Pastor Laban Jumba, the Eastern Africa co-ordinator for Intercessors for Africa, said: "We learn from the Bible that God divided inheritance for the nations, starting with Israel. It is like buttoning a shirt; when the first button is the right hole, others will fit correctly. Therefore, it is very important that Uganda as a nation relates properly to Israel."
Bishop Joshua Lwere, the general overseer of the National Fellowship of Born again Pentecostal Churches of Uganda, said: "God has two covenant peoples — Israel and the rest of us. He promises that MagaraHe will bless all nations that bless Israel. Jeremiah describes Jerusalem as a prophetic city. Taking our embassy to Jerusalem would be prophetic because it is an eternal city. It is a contact point for all nations."
Dr. James Magara, the chairperson of Intercessors for Uganda, said: "The people of Israel gave us the patriarchs, the law, the prophets, the holy scriptures, and the Messiah — Lord Jesus Christ. In the early years of our Independence, Israel brought alot of value into Uganda in agriculture, civil works, medicine, trade, and the development of the economy. It has been our prayer for many years that full diplomatic relations be restored."
Bishop Nathan Ahimbisibwe of South Ankole Diocese said: "The Israeli prime minister coming back after such a short time means that a big relationship is developing. Uganda can learn much from Israel in fields of farming, skills development, faith, diplomatic, spiritual and commercial ties."
David Sseppuuya, the author of Uganda, Africa & Israel: Prophetic Implications of Historical, Geographical and Divine Connections, said: "Our ties with Israel date back thousands of years, including as a source of water and life for the Messiah, the patriarchs Abraham and Jacob, as well as Moses, as a place of refuge, and as a contact point for all Africa. Full diplomatic relations would be within these ties."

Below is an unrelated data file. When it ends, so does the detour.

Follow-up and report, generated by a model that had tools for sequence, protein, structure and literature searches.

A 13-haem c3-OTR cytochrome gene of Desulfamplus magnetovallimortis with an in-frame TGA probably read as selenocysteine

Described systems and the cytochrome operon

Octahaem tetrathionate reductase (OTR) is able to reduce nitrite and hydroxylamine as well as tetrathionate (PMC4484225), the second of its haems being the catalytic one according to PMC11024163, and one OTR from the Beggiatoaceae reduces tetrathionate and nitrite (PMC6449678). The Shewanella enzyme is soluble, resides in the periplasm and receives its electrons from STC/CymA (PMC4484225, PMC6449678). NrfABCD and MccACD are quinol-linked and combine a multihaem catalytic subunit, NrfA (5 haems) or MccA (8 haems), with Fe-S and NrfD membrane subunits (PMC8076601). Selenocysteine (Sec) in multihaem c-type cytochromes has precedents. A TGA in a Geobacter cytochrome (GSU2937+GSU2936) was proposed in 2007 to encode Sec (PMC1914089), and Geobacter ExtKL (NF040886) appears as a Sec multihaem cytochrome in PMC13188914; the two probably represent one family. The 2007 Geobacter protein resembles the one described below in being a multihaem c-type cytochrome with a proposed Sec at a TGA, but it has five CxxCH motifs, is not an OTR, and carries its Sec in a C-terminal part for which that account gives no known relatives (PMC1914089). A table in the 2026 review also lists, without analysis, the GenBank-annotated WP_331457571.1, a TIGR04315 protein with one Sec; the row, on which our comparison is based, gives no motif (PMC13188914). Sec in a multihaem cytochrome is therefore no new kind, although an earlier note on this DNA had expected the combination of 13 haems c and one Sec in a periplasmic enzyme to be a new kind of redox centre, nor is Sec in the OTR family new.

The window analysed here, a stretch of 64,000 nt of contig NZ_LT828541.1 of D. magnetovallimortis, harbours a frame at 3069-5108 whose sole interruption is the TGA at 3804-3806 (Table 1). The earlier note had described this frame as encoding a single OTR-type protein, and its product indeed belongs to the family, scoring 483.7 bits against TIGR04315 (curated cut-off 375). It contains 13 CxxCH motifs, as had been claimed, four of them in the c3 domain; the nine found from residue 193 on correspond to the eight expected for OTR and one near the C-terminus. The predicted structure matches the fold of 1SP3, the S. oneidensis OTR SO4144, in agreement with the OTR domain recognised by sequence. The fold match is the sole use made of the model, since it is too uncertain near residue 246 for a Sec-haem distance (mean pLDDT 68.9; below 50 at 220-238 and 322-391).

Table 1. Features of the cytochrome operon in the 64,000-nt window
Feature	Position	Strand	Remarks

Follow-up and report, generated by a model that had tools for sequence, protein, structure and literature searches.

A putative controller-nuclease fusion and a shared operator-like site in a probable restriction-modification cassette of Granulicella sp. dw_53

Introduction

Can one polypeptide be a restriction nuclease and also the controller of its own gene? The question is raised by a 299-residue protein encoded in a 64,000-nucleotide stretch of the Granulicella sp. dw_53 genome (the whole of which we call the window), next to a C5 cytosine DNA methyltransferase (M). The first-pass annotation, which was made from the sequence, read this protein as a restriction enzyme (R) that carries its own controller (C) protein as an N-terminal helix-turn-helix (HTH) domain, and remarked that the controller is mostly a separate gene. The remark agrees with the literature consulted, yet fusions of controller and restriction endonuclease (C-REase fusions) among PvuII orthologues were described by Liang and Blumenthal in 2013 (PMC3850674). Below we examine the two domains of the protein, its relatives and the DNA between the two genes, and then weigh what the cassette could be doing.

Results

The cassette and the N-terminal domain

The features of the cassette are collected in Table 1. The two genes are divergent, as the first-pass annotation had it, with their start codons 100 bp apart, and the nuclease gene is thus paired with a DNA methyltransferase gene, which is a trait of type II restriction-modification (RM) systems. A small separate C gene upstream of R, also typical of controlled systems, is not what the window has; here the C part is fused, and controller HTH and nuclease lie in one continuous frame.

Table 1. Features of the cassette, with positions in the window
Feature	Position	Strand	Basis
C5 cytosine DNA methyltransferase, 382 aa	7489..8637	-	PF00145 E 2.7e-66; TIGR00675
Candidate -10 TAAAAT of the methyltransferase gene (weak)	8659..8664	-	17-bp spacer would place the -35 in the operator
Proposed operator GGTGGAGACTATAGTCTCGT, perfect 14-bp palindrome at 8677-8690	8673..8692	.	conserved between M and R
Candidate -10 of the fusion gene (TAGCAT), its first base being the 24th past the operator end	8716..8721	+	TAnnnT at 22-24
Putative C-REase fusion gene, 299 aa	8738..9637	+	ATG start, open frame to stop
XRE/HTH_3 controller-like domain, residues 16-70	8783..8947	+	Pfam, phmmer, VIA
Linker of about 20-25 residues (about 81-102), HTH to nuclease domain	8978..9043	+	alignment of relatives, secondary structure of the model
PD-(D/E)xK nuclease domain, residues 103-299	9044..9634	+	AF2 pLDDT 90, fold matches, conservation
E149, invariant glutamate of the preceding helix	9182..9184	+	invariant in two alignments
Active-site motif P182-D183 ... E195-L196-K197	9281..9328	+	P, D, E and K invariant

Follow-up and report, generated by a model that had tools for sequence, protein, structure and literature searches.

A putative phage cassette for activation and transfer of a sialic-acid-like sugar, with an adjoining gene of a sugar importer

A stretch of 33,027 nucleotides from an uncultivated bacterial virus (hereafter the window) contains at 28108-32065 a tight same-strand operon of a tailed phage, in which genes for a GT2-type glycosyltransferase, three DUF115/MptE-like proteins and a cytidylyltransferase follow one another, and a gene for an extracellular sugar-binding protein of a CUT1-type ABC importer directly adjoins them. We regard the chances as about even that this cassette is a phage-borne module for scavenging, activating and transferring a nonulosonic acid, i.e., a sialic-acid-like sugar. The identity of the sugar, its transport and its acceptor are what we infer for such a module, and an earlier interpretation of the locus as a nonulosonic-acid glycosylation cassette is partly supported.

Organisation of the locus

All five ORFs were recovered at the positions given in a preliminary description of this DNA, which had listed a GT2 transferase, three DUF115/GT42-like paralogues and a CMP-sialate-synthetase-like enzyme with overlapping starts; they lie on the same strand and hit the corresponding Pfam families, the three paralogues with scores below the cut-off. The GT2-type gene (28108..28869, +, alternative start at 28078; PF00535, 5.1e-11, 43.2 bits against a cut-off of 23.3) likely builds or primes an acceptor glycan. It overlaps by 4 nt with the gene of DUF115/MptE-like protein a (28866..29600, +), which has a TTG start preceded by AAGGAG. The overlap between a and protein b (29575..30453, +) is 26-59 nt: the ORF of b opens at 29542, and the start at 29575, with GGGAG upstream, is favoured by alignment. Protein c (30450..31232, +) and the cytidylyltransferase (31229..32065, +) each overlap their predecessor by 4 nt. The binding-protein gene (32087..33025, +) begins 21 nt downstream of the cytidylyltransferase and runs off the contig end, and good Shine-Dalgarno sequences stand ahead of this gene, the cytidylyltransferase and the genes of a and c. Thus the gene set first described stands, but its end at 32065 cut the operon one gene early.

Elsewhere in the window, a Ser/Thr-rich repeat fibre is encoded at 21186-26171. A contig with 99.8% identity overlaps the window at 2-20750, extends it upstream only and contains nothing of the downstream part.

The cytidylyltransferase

Uganda enjoyed full diplomatic relations with Israel until they were abruptly severed by Kampala in 1972, following the expulsion of all Israeli citizens by the than government.
After the overthrow of Idi Amin, Israeli resumed diplomatic representation but based in Nairobi, Kenya. Uganda has no diplomatic representation in Israel
Despite the absence of diplomatic representation in either capital, there relations have been cordial. Many Ugandans study in Israel, while others visit as tourists or pilgrims. A number of Israeli businesses have invested in Uganda and private individuals visit as tourists.
President Yoweri Museveni hosted Prime Minister Netanyahu on July 4, 2016 at Entebbe for the commemoration of 40 years since the rescue mission that freed Israeli and Jewish hostages held by Palestinian hijackers.
The ties between the two countries have been longstanding and Netanyahu's visit today is the third by an Israeli prime minister. The first was by Levi Eshkol in 1966.
A senior Israeli cabinet minister attended the raising of the new nation's flag at Kololo on October 9, 1962. The two countries were development partners from 1962 to 1972.
Uganda is among the countries with Abayudaya, a community whose members formally converted to Judaism.